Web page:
Not all mutations lead to cancer, but there are some that can cause DNA to scramble beyond recognition, forming massive tumors. Recently, scientists at The Scripps Research Institute (TRSI) identified a mutation that acts in concert with another accomplice to cause cancer. The findings may also elucidate new ways to kill these cells by targeting a related enzyme.
At the end of our chromosomes are protective caps called telomeres. These caps prevent damage to the DNA coiled into the chromosome structure. Proteins that protect the caps come from a gene known as Protection of Telomeres 1, or POT1. Without the caps, chromosomes are susceptible to illegitimate shuffling that is catastrophic to the cells’ survival.
Cells that lack normal POT1 proteins opt for death rather than endanger subsequent mutations to future generations. As such, when cells experience irreparable stress related to POT1, it activates the enzyme known as ATR that signals programmed cell death.
But in some cancer types, cells lived on despite carrying mutated versions of POT1. "Somehow those cells found a way to survive - and thrive," said Eros Lazzerini Denchi, TRSI professor and co-leader of the study. "We thought that if we could understand how that happens, maybe we could find a way to kills those cells."
When they dug deeper behind the mechanism of the cancer cell’s survival, they found an accomplice: p53 mutations.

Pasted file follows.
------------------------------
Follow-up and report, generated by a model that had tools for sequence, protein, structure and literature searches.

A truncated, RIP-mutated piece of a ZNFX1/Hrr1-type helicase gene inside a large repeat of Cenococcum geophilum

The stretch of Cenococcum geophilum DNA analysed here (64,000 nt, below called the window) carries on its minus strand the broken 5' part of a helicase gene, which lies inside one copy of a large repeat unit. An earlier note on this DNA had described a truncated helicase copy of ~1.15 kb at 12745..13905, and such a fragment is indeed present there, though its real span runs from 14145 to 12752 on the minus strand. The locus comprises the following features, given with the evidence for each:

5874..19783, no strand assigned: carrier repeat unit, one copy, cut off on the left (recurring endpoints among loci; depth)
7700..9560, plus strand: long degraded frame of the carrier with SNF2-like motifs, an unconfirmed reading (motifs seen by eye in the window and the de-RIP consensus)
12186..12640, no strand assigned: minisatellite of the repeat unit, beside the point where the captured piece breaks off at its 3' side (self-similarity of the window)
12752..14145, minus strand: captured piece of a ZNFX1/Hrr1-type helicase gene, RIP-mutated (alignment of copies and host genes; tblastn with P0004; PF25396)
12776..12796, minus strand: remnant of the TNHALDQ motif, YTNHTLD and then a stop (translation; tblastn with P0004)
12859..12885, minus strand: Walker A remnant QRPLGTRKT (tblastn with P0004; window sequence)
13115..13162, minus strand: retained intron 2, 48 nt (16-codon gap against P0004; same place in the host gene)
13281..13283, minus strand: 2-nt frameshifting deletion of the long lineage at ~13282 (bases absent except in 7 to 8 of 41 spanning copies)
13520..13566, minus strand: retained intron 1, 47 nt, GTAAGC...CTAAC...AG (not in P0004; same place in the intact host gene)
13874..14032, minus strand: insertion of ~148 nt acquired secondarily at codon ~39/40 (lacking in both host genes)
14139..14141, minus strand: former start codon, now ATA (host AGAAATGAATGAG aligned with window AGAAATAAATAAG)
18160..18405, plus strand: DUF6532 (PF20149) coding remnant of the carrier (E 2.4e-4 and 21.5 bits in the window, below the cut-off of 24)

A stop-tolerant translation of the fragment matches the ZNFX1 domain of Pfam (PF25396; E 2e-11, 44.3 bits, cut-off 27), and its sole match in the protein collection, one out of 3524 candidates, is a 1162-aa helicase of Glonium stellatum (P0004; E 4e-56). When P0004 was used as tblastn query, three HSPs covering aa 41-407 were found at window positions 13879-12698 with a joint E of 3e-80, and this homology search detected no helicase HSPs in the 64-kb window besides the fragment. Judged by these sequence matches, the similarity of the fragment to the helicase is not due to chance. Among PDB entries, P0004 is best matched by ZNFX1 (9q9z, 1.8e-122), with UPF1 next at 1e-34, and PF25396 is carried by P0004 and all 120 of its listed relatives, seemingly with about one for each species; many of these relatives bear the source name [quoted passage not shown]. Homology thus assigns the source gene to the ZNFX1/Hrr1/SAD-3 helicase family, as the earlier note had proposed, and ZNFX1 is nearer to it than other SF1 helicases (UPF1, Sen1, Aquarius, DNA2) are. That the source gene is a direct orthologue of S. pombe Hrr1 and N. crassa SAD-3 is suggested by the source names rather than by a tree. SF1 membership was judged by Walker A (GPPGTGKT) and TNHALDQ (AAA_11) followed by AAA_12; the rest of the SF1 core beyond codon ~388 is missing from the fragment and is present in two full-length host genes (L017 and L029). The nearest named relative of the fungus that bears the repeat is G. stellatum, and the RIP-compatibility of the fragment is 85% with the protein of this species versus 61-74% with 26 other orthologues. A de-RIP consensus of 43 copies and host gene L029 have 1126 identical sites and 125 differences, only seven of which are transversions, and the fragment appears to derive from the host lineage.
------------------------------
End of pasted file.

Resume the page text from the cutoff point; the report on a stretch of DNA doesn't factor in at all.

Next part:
"We've found the mechanism through which this mutation leads to a scrambling of the genome," said Denchi. "That's when you get really massive tumors."
The gene p53 is a well-known tumor suppressor gene that’s also dubbed “the guardian of the genome.” Its name derives from its normal functions in preventing genome mutations. And when p53 is mutated, the cells’ genetic defense against cancer is lost, which leads to cancer events. P53 is the most frequently mutated gene in human cancers.
On its own, p53 mutations allow cancer cells to acquire mutations and overrides the ATR signal that would cause cell death. In conjunction with POT1 mutations, chromosomes loose their protective end-caps, causing drastic DNA rearrangements and scrambling. Thus, together POT1 and p53 mutations significantly increase the accumulation rate of mutations, making the cancer cells more resistant and aggressive.
"The cells no longer have the mechanism for dying, and mice develop really aggressive thymic lymphomas," said Denchi.
Knowing the mechanism behind these cancer cells’ survival has lead to a new potential target: the enzyme ATR. Since all cells die without ATR, the team hopes to find drugs that knock out ATR in cancer cells and force them to die. They will test these therapies in future follow-up studies.
Additional source: The Scripps Research Institute